Time To Change Partners – Boudreau started the game with Johansson between Ovechkin and Knuble and Backstrom on the left side of a line with Laich in the middle and Semin on the right.
Those combos weren’t working, so Boudreau shuffled the deck.
“Well, Nielsen’s line was owning and was all over Ovechkin, Knuble and Marcus,” says Boudreau. “So I had to do something. I said, ‘I’m going to roll the dice here, and put Semin back on there, and see how it worked.’ Then Laich went back to wing. Him, Marcus and Mike Knuble I thought were the guys who led the way.”
That trio was terrific throughout the final half of the game, but Semin also seemed to be inspired playing alongside Ovechkin and Backstrom again.
“I thought he was good,” says Knuble of Semin. “I thought he competed hard. For whatever reason, he played hard and he was the difference. He got the game-winner and he was a good player tonight.”
Big In The Back – Caps defenseman Scott Hannan skated 24:37 on the night to lead Washington in ice time. His 21:34 in even-strength ice time was more than two minutes more than any other Capital.
Hannan and blueline partner Jeff Schultz were both plus-2 on the night, and together they accounted for more than half of the Capitals’ total of 18 blocked shots on the night. Hannan blocked six shots – the most of any player on either side – and Schultz got in front of four intended Islander shots.
Hey, Nineteen – Neuvirth’s Saturday night win was his 19th of the season, moving him to within one victory of matching Bob Mason’s single-season franchise record for rookie goaltenders. Mason won 20 games for Washington in 1986-87.
“Neuvy was a big factor tonight,” says Knuble. “If they were just five percent sharper on a couple plays, it could have been 4-0 or 5-0 before we even got going. He made a couple of saves and held the fort down for us. We were beaten to pucks and outplayed for 30 minutes, and then we kind of reversed and turned the tables. But he was there to haul us in. We were lucky it was only [2-0] at the time.”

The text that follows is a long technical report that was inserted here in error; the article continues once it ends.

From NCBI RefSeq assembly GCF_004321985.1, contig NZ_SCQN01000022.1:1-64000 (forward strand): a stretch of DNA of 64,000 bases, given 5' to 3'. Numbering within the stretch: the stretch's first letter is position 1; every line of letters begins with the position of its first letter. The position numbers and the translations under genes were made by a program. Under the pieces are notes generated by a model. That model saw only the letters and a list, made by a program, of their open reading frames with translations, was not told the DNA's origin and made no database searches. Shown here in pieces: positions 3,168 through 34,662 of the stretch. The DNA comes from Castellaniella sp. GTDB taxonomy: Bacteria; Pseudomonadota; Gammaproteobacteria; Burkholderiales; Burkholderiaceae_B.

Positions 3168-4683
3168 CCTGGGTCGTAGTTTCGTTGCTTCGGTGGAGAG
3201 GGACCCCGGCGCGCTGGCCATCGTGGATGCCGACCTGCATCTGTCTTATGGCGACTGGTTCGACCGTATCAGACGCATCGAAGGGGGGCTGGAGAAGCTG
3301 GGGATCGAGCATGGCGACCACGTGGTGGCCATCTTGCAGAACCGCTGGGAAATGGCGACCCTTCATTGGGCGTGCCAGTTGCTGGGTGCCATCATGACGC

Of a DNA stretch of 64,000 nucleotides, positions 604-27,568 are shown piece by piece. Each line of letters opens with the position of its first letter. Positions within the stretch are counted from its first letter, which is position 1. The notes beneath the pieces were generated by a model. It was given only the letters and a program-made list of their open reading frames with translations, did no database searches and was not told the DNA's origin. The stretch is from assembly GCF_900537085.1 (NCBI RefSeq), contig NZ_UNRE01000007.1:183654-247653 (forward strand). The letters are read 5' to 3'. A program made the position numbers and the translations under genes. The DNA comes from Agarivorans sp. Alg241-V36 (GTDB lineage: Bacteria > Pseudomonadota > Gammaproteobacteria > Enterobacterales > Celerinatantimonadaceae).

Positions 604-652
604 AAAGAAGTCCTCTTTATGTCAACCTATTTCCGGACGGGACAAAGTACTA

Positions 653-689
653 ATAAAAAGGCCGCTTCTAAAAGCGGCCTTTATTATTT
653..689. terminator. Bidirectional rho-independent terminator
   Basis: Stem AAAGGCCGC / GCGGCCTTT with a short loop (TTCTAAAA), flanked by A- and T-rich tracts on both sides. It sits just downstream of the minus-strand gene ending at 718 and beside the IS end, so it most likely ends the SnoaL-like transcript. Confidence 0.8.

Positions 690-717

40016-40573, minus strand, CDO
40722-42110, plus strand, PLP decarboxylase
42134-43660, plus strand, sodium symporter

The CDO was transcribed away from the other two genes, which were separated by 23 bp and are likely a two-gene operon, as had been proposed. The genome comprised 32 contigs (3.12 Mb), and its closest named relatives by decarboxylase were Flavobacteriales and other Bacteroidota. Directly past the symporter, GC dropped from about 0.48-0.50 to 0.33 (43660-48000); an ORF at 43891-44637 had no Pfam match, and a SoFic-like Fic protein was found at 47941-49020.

Neuvirth deserves a lot of credit for a strong bounce-back game. A night after he was dented for a season-high six goals against, the Caps rookie goalie came to the rink on Saturday morning expecting to be the back-up for slated starter Semyon Varlamov. But Varlamov came up with a lower body injury at the morning skate, thrusting Neuvirth into a starting role.
The 22-year-old responded well, stopping a barrage of early Islanders shots and keeping his team within shouting distance until it could get its offense on track.
“It’s always tough when you get six goals against. It wasn’t an easy game for me. But I thought it wasn’t my fault; I think I could have made maybe one save on one goal. Tonight, I felt confident. They had a lot of shots early in the game and I got my confidence back.
“I think they got two lucky goals. I felt good tonight.”
Saturday Night Slayer – Saturday’s win was the 30th of Neuvirth’s NHL career and one-third of those have come in Saturday night games. He is now 10-4-1 lifetime on Saturday night contests.
Road Warriors – Washington now has just one fewer win on the road (16) than at home (17) this season. Starting with the 3-2 win over the Senators in Ottawa on Dec. 19 – the victory that ended Washington’s eight-game winless streak – the Capitals are 10-4-2 in their last 16 road games.
Ford is Forty – A mere two nights after he was nicked for three goals in a span of 40 seconds while tending the twine for Hershey against Lake Erie, goaltender Todd Ford got his first taste of the NHL life, backing up Neuvirth on the Island.
Summoned from AHL Hershey earlier in the day and with the ink barley dry on his newly signed NHL contract, Ford wore uniform No. 40 (last sported by Varlamov prior to this season). He took warm-ups and had a great view from the bench for the rest of the night.